Govt needs to spell out the new rules of the game for industry, economy
It looked as if the rain would derail the annual Mint Mutual Fund Conclave in Mumbai where every year we debate issues related to the industry and investors. This year since we had the chairman of the Prime Minister’s Economic Advisory Council, Bibek Debroy, giving the keynote, we decided to have a closed-door roundtable where he would interact with some financial sector leaders to have a candid conversation about issues like the real GDP numbers, the budget, the slowdown that industry says is palpable and the changed rulebook of this government. There is worry among employees, investors and the industry on the slowdown in the economy. Wealth managers peg their advice and asset management decisions on potential growth, and if this number is in doubt, the ground moves from under the feet. But as the rain did not keep away the financial sector leaders or the delegates, there was an animated debate. Here are a few takeaways from the conversation and the event.
One, yes, the GDP numbers are lower than 7.5%, but the 4.5% number calculated by former chief economic adviser (CEA) Arvind Subramanian is understating the GDP by at least 200 basis points. The reason for the bad math is the change in the way GDP is calculated, and that process began in 2008. Also, the problem is with the deflator used and not with the real GDP number. The GDP is a nominal number and GDP deflator is used to deflate it. The simple story is that the GDP deflator is not perfect.
Two, the budget disappointed the industry and investors alike, both of who were looking for measures that would clear up the clogged credit pipelines, give an enabling environment for encouraging private sector investment and a higher public spend on infrastructure. But given that the annual budget exercise is no longer about making big bang changes, we’d do well to look for structural reform measures outside of the budget. So, the structural reform is far from over, but the budget is not the place to announce these measures.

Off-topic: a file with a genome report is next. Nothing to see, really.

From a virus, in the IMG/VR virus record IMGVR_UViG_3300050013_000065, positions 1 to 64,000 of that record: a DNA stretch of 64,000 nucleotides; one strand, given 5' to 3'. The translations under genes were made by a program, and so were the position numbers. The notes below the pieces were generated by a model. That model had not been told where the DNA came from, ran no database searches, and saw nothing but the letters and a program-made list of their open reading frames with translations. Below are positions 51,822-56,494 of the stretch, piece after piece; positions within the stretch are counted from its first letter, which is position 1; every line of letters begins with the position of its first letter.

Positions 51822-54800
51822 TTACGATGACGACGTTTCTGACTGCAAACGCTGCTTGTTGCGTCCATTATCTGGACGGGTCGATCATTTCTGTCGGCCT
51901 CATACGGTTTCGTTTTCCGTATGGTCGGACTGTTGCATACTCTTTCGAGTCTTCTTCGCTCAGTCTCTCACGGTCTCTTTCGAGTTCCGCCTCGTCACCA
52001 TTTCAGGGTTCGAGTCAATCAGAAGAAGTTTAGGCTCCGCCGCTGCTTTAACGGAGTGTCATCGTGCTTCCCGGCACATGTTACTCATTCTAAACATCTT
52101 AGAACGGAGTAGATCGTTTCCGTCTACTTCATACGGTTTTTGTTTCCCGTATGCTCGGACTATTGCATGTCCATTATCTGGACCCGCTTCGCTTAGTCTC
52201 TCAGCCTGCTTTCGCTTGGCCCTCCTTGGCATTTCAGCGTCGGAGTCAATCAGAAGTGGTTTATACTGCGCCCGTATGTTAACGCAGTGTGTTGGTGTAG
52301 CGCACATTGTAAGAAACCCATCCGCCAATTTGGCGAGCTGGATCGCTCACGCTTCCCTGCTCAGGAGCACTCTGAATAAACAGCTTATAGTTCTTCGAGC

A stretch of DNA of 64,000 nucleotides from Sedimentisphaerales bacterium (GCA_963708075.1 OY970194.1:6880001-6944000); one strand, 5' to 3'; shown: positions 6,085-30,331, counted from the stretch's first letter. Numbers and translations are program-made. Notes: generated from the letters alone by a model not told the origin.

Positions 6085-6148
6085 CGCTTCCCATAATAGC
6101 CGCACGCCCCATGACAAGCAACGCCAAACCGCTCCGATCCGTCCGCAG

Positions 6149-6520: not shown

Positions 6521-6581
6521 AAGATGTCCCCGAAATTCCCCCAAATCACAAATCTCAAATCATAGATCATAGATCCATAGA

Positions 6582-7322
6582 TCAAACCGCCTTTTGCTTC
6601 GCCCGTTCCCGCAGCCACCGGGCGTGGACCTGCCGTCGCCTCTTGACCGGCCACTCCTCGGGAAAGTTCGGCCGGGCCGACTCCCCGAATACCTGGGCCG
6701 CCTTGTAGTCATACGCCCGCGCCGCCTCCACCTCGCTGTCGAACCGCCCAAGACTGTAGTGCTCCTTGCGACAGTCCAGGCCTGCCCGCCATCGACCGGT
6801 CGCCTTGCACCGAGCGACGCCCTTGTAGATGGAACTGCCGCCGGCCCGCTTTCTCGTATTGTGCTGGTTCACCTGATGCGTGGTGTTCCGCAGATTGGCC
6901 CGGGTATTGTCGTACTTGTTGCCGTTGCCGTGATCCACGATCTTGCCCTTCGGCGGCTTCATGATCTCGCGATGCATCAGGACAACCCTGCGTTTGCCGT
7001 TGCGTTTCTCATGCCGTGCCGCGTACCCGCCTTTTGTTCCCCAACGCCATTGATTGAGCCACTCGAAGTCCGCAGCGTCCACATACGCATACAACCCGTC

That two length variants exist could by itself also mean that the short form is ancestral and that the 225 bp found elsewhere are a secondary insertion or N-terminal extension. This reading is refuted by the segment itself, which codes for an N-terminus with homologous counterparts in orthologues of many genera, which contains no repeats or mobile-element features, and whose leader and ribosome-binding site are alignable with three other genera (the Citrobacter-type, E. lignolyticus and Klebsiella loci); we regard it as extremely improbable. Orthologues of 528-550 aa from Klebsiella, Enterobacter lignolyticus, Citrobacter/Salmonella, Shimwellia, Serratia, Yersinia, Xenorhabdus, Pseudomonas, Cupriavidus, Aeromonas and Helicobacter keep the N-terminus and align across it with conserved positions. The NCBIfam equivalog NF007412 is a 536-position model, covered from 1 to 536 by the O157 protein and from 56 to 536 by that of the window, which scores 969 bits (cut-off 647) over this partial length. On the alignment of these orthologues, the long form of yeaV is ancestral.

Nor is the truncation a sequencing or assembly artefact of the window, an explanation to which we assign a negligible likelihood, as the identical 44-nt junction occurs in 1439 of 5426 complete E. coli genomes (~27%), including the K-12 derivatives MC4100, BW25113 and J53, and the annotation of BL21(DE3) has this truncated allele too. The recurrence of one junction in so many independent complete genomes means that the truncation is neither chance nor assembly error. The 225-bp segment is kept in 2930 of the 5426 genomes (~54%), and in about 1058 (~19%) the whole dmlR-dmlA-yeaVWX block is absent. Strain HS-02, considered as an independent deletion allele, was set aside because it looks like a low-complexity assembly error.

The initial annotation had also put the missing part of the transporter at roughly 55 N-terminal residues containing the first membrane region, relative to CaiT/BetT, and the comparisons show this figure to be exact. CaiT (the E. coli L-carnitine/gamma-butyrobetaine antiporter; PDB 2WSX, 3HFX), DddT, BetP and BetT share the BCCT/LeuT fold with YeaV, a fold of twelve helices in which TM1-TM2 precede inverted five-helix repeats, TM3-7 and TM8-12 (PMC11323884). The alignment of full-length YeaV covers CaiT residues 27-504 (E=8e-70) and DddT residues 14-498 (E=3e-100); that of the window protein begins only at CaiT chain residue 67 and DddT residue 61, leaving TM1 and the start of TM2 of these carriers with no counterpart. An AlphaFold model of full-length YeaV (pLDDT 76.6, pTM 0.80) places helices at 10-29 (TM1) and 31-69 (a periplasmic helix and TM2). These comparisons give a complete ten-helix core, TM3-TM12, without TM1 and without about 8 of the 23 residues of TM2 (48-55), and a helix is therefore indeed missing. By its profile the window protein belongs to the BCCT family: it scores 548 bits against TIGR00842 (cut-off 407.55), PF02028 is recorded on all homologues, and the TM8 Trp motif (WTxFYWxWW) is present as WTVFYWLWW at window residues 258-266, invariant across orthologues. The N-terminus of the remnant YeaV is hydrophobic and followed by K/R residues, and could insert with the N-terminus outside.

Three, the industry is worried that while the rules of the game have changed with this government, what exactly is the new playbook is not clear. The government needs to communicate better and give policy certainty and continuity to the industry. Long-term investment decisions happen in stable policy environments and that has been lacking.
Four, the industry is afraid of how far the economic vigilantism will go. The earlier rules of the game were that there were no rules of the game—deals and power brokers got the business clearances and loans. That is how business was done. To pull that thread will be to trip up the entire system. Investors will find it easier to just buy government securities rather than face the prospect of jail at a future date. If the ecosystem that makes the business happen—creditors, rating agencies, independent directors, accountants—feels unduly threatened, the system begins to freeze. The industry believes that the electoral mandate should give the government the courage to stop worrying about suit-boot-ki-sarkar-like allegations, the trust deficit with the industry needs to get worked out for the investment cycle to begin again.
Five, judicial reforms are essential since they are unable to keep pace with the changed economy. The executive, legislative and judiciary need to work in tandem and one leg of the system cannot be out of sync with the rest.
As an employee, entrepreneur and investor, your takeaway is simply this: the economy is adjusting to a new political rulebook. The government needs to communicate the new rules of the game much better than it does today. The pain on wage growth, liquidity and investment returns will not disappear overnight, the adjustment is going to take some time. The one hope we can all hold onto is this: the government has the capacity to take giant steps as it did in sanitation, public health, financial inclusion and rural electrification in its first term. It now needs to bring that focus on the economy and do it in mission mode. Without growth, there is nothing to redistribute. A contraction at a time when India is poised to reap the biggest population bulge in its young workers will be crippling.
End note: As the clouds poured out their guts over Mumbai, Debroy told the packed hall of mutual fund junkies, at Four Seasons Hotel in Mumbai, that he is a mutual fund investor and likes to make tactical calls between equity and debt. Not a fan of systematic investment plans (SIPs), he believes it is the right time for him to make the shift to equity again. Of course, readers of this column know that what works for Debroy need not work for them—so continue with your SIPs and your chosen asset allocation!
Monika Halan is consulting editor at Mint and writes on household finance, policy and regulation